What’s in a name: how do pub names vary across the UK?

Whether it’s sitting in the beer garden in the sun, enjoying a family Sunday lunch, or meeting up with friends in your local establishment, pubs are a British institution.

The humble pub name is believed to have come from Roman times when a taberna owner would hang vine leaves outside their premises to signify they were open for trading.

However, it was thought when the Romans invaded Britain, public houses couldn’t easily get their hands on vine leaves, so they hung bushes outside their establishments instead. Historians believe this inspired the first pub names, such as The Bush, The Hollybush and The Bull & Bush.

Yet, it wasn’t until 1393 that King Richard II passed an act that made it mandatory for pubs to have a sign outside their premises. Now, there are hundreds of names for pubs from traditional ones like The White Swan in Coventry to more unique monikers such as The Blind Octopus in Brighton.

We know the importance that the local pub holds within communities. Because of their significance, we’ve incorporated Food Standards Agency (FSA) data into our location intelligence platform, so that we have access to the titles and locations of more than 53,000 pubs across the UK. We took some of the most popular pub titles to see if location plays a part in naming conventions.

The Red Lion is the king of pub names 

This is the most common pub name in the UK with the FSA data showing over 500 venues adopting the moniker. Online pub guide Pubs Galore also lists it as the number one title.

There’s some contention as to how the name came to be. Some say it comes from John of Gaunt – a knight who founded the House of Lancaster and died in 1399 – as he had a red lion on his coat of arms. Others believe it came from King James VI of Scotland, who later became James I of England. It is reported when he arrived in London, the King ordered that the Scottish red lion emblem be placed on important public buildings including public houses.

The Red Lion may be the most popular pub name, but using our advanced location intelligence platform – Periscope®– we found you’re more likely to find one in the East Midlands and West Midlands than anywhere else in the UK. A total of 15% are situated in the former and 13% in the latter.

In stark contrast, you won’t find any Red Lions in Northern Ireland, according to our data from the FSA. Also, you’d be hard-pressed to find one in Scotland (despite its potential Scottish heritage) as it’s home to only 1% of the UK’s Red Lions, such as the one in Old Aberdeen.

What’s in a name: how do pub names vary across the UK? | Leading expert in location intelligence 1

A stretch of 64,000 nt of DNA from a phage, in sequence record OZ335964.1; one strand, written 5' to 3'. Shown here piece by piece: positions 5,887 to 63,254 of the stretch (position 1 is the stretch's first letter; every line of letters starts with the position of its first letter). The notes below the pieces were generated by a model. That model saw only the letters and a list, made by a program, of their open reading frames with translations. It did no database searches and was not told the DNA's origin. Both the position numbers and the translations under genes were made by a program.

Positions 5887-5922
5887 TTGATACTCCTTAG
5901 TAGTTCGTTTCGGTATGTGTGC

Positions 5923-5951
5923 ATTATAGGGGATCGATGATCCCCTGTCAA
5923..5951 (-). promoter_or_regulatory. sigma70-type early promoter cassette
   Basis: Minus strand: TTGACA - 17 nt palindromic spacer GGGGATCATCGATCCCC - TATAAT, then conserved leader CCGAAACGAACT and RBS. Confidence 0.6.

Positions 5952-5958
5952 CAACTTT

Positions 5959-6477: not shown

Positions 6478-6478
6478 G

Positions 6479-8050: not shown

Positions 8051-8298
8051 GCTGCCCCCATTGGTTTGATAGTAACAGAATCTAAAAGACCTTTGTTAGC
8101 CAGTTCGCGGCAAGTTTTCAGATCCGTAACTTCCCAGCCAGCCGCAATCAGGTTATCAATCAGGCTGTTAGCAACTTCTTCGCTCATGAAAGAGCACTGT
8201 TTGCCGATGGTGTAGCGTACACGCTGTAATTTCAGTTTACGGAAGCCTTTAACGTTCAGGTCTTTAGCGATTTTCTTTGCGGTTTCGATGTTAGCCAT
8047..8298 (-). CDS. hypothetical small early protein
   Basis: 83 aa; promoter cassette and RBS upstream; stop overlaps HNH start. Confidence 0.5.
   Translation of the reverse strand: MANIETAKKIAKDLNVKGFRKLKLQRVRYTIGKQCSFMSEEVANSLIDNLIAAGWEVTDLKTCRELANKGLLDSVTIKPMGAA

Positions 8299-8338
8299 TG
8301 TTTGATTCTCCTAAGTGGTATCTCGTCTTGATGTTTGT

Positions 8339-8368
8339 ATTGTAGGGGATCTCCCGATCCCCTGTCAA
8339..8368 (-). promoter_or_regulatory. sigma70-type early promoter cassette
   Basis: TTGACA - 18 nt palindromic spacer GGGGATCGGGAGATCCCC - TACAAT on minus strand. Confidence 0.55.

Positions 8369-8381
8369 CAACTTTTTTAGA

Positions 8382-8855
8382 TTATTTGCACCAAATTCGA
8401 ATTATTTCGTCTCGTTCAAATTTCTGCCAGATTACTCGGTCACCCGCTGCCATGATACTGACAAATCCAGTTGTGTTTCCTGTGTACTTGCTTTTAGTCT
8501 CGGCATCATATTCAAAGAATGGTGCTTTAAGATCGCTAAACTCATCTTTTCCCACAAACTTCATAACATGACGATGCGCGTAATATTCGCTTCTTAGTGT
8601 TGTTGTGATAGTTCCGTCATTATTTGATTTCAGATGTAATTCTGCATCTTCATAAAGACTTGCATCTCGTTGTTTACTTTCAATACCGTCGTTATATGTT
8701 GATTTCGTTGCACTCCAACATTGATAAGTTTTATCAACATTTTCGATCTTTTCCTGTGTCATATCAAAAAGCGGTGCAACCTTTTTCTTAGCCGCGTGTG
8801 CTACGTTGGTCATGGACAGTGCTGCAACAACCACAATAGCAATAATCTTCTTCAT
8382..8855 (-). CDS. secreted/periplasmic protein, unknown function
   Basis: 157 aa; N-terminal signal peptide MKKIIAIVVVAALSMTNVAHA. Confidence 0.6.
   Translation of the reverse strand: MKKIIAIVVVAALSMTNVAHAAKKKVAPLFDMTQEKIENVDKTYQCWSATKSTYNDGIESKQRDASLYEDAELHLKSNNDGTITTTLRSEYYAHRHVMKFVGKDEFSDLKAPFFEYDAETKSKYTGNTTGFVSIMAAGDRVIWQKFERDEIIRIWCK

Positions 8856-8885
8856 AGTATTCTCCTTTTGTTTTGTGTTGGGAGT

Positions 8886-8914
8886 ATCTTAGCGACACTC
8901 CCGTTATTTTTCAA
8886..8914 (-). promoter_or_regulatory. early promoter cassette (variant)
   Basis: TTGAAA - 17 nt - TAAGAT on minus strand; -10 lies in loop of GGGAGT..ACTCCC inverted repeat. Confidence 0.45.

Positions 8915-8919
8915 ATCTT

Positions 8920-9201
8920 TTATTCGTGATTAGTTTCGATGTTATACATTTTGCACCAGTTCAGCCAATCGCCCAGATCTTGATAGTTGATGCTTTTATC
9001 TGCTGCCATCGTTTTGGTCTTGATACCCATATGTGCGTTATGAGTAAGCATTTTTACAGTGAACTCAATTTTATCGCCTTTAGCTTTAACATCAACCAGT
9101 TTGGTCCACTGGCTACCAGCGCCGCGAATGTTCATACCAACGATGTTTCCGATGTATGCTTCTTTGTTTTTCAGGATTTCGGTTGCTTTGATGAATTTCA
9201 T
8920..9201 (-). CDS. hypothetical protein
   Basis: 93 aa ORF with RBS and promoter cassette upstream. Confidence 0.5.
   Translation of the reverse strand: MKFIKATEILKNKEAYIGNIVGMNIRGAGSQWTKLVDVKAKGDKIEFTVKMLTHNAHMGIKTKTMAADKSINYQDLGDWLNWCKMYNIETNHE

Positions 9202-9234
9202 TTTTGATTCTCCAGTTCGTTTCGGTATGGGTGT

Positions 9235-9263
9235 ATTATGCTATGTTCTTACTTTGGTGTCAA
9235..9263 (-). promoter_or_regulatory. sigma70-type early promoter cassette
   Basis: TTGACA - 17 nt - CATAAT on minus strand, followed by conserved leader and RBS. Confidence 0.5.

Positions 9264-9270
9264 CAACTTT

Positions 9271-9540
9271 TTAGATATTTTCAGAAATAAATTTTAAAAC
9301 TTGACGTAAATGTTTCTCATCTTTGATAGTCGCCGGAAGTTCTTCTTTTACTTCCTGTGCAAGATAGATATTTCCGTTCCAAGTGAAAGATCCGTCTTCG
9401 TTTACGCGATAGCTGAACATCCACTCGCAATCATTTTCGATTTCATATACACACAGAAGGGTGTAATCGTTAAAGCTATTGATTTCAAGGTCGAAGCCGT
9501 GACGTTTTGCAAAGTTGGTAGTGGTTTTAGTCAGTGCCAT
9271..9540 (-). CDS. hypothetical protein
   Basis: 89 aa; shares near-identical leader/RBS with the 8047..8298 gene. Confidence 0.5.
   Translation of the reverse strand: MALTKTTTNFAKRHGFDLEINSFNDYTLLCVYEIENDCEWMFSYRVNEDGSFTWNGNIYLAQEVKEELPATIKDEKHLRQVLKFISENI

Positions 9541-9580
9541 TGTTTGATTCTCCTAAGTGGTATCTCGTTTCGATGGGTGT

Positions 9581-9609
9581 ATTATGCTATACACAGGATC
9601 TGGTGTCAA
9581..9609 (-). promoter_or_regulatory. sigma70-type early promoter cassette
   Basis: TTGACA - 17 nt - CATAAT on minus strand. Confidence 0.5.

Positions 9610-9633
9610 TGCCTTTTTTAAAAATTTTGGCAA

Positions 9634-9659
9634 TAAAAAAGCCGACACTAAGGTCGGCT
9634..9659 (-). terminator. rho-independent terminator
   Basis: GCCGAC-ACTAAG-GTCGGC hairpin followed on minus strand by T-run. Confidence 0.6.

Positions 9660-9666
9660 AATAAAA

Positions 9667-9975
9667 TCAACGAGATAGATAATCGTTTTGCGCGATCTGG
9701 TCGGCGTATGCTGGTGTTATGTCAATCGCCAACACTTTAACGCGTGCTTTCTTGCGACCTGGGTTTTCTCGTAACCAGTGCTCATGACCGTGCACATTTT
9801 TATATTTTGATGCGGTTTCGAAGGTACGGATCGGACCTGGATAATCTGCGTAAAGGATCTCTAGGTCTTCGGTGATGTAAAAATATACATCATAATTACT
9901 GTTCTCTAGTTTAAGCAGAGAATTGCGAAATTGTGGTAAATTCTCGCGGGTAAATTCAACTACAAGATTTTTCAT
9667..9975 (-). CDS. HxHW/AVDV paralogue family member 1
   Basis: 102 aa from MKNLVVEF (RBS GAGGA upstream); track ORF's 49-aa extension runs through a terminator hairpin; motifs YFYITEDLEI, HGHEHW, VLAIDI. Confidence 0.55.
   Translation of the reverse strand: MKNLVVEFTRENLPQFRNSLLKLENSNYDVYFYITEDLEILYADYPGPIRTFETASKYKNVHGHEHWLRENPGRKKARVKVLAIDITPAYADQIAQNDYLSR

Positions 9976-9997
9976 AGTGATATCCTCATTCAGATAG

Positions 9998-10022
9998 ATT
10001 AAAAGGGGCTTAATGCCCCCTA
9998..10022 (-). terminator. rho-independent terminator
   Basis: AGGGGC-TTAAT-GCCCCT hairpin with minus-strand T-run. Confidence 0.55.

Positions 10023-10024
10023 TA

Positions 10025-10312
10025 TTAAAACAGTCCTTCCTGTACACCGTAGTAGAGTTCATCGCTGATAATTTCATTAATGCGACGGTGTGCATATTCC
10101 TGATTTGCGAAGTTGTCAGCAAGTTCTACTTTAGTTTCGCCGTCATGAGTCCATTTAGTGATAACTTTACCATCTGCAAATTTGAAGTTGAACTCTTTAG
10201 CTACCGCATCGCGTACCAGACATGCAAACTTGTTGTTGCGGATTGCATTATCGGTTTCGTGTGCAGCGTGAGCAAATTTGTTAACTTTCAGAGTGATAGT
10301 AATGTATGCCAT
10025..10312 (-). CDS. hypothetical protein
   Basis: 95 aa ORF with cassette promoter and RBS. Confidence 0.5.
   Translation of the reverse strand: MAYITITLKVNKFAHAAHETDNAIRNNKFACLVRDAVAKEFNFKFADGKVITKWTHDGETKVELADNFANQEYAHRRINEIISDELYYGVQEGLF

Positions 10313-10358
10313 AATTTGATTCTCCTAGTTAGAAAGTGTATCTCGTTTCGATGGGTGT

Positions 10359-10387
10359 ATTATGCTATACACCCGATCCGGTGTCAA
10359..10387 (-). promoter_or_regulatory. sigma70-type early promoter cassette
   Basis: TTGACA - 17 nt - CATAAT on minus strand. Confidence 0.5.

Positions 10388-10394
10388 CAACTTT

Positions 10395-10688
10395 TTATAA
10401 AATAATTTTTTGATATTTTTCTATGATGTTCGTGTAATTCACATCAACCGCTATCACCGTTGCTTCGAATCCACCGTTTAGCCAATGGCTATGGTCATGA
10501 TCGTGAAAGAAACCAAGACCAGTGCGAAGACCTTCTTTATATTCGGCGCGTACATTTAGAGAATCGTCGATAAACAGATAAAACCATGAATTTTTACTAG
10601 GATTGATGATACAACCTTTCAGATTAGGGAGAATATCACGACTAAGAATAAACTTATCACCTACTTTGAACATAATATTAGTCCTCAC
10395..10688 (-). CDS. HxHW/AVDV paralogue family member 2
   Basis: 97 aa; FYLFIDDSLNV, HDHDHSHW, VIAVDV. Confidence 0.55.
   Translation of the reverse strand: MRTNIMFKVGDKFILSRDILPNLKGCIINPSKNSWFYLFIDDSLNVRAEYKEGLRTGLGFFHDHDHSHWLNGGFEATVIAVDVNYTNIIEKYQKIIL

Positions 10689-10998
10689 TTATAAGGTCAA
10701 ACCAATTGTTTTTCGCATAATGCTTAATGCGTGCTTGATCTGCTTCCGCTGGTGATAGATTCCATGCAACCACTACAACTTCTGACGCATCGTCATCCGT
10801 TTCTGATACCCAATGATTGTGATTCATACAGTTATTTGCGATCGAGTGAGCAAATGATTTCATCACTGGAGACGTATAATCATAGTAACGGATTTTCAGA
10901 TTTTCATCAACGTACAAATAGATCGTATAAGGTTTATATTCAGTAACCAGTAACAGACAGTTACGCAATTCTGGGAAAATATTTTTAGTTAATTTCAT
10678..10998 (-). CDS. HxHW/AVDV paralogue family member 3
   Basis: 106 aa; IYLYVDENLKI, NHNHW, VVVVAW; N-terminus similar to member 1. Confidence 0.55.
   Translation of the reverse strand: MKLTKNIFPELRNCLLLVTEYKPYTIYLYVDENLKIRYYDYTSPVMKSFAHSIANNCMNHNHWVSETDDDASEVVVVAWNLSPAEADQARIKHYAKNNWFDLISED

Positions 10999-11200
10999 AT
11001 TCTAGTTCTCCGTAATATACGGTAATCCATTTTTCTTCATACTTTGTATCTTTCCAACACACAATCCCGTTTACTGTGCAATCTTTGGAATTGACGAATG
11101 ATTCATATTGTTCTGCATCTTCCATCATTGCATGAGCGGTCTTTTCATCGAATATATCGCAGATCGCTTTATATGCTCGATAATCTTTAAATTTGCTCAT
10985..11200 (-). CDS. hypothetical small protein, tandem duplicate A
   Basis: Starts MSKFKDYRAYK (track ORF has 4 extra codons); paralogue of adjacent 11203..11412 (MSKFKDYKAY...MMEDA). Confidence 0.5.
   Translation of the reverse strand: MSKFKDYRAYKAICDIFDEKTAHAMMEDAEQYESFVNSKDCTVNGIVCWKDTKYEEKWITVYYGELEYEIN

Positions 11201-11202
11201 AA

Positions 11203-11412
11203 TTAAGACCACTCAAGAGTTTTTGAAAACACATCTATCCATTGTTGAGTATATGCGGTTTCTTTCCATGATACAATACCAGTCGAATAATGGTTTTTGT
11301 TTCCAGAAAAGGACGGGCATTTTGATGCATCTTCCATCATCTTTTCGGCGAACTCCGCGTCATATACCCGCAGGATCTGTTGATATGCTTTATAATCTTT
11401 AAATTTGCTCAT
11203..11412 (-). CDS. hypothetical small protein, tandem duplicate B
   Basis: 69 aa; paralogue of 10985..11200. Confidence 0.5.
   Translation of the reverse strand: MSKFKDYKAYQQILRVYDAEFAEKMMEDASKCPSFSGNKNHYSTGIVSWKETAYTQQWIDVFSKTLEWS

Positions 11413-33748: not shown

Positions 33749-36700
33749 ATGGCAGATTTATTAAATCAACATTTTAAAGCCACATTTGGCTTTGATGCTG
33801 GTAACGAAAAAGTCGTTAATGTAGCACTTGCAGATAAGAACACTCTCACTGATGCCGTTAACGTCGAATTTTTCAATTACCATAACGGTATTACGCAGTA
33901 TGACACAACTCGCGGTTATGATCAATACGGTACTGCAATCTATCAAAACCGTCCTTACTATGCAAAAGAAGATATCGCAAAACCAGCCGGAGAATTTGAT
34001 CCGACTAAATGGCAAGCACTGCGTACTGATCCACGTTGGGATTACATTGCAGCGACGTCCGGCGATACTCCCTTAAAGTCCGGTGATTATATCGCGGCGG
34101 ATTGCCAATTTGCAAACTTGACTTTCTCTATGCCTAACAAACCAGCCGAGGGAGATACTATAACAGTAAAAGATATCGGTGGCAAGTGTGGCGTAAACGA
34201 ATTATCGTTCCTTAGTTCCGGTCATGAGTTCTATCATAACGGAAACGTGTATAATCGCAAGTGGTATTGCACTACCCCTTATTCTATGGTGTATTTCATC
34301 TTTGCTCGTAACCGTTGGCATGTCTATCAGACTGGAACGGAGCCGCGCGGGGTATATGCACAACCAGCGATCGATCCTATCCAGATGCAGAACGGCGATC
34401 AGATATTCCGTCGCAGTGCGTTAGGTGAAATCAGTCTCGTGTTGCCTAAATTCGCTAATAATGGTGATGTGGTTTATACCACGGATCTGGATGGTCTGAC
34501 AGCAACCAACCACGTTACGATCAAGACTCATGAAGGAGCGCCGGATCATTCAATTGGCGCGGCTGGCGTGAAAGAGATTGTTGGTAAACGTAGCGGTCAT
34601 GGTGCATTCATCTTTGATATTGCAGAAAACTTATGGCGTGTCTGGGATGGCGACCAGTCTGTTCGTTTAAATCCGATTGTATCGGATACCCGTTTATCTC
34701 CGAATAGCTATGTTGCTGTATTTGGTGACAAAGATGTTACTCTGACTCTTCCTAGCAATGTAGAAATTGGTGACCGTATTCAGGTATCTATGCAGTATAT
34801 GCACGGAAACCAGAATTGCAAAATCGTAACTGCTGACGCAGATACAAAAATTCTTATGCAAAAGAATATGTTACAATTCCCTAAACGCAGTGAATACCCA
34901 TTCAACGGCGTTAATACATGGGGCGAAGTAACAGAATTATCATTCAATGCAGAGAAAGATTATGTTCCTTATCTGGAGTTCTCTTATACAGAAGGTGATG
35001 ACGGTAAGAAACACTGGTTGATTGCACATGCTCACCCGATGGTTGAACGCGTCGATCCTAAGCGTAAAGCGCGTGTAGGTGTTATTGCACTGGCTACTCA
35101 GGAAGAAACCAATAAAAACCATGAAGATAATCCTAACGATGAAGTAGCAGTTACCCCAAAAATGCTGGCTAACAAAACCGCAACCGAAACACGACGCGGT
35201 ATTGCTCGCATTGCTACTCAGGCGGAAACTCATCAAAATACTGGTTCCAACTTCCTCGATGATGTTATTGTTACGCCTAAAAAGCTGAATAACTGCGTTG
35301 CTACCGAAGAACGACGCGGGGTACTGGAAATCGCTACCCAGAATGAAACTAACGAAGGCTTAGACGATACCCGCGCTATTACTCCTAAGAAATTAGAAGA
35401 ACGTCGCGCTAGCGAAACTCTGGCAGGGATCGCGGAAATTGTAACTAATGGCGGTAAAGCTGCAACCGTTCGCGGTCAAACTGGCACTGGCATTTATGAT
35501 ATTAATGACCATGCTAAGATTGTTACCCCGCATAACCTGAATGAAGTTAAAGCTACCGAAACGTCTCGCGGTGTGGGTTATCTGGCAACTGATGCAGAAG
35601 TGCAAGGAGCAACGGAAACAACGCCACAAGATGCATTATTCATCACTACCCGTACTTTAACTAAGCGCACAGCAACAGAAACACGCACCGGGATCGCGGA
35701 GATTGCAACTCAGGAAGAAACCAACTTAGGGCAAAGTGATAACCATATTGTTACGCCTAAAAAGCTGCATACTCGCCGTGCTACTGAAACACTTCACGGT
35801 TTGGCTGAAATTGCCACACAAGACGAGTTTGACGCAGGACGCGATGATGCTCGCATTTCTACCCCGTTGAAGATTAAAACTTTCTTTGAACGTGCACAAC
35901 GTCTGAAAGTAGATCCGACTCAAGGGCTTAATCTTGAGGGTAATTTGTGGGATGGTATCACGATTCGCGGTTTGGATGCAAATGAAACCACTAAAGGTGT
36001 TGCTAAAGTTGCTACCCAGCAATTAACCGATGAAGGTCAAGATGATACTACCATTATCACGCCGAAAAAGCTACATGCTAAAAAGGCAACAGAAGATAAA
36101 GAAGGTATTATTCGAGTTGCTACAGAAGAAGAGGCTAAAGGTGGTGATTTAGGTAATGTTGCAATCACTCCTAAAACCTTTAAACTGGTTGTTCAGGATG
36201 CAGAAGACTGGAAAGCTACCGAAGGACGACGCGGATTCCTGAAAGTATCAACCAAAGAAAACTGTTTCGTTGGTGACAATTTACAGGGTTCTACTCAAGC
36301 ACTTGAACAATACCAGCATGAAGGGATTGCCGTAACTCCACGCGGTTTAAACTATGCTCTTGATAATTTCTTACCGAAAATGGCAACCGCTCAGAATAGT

Anchor casts a wide net

The origins of pubs incorporating Anchor (another popular pub name) within their titles are perhaps more obvious and are most likely down to areas or pub owners having ties to the sea and waterways.

Crunching the numbers in Periscope®, 18% of pubs and bars using Anchor as a moniker are in the South East. Surprisingly, 11% are inland in the West Midlands.

 

 

As the South East is home to places like Brighton, Dover and Portsmouth, it may not come as a surprise that more pubs and bars in this area feature Anchor within their name. As for the West Midlands, it is known for its 520 miles of canals. In homage to the region’s canal heritage, this may account for the Anchor’s popularity.

Graph of Anchor pubs and inns in the UK

Harbour pubs and inns dock in coastal areas

Another water-inspired title. Looking at the locations with a Harbour pub or bar, there is a genuine tendency for them to be in coastal areas. From Folkestone to St Ives and Margate to Bridlington, you will find plenty of Harbour Inns in seaside locations.

However, not all of them are on the coast. You can find the Cold Harbour in Swindon and The Harbour Inn on the banks of the River Severn in Bewdley.

Harbour pubs and inns across UK

Railway makes tracks across the UK

The Railway is another pub handle that features in Pubs Galore’s top 10, and our data shows it is common right across the UK. There is a Railway pub, inn, or bar in every region from the Railway Tavern in Ballymena in Northern Ireland to The Great Northern Railway Tavern in Hornsey, London.

The majority are in the North West (15%), with South East closely behind (11%). There are also many in the East Midlands and South West with 9% each. It’s plausible the higher numbers of Railway establishments in these areas reflect their industrial pasts and historical railway links.

Graph showing Railway pubs in UK

Plough digs the countryside

This is another name with a clear correlation with its location. Our results show that pubs and bars with Plough in their title tend to be in more rural areas.

The majority are in the East Midlands (15%), Eastern counties (14%) and South East (21%), including a traditional Plough Inn in Spalding, the more unusual Pickled Plough in Banbury and a take on the common name with The Plough and Barleycorn on the Isle of Wight.

Plough pubs and inns in the UK

Whether you’re a pub owner, are looking to open a public house or bar or own another business that relies on footfall, knowing what businesses are in your local vicinity can be vital to your success.

We’re visual beings and location intelligence software is an easy way to understand an area as it offers a detailed map view. Not only can it be a valuable tool in allowing you to find the right customers to target, but it can also help you discover viable new commercial sites. And if you’re a pub or bar owner or group, it can help you pick a unique name for your public house, so you’re not confused with six other local establishments called The Red Lion.

Book your free Periscope® demo today.

References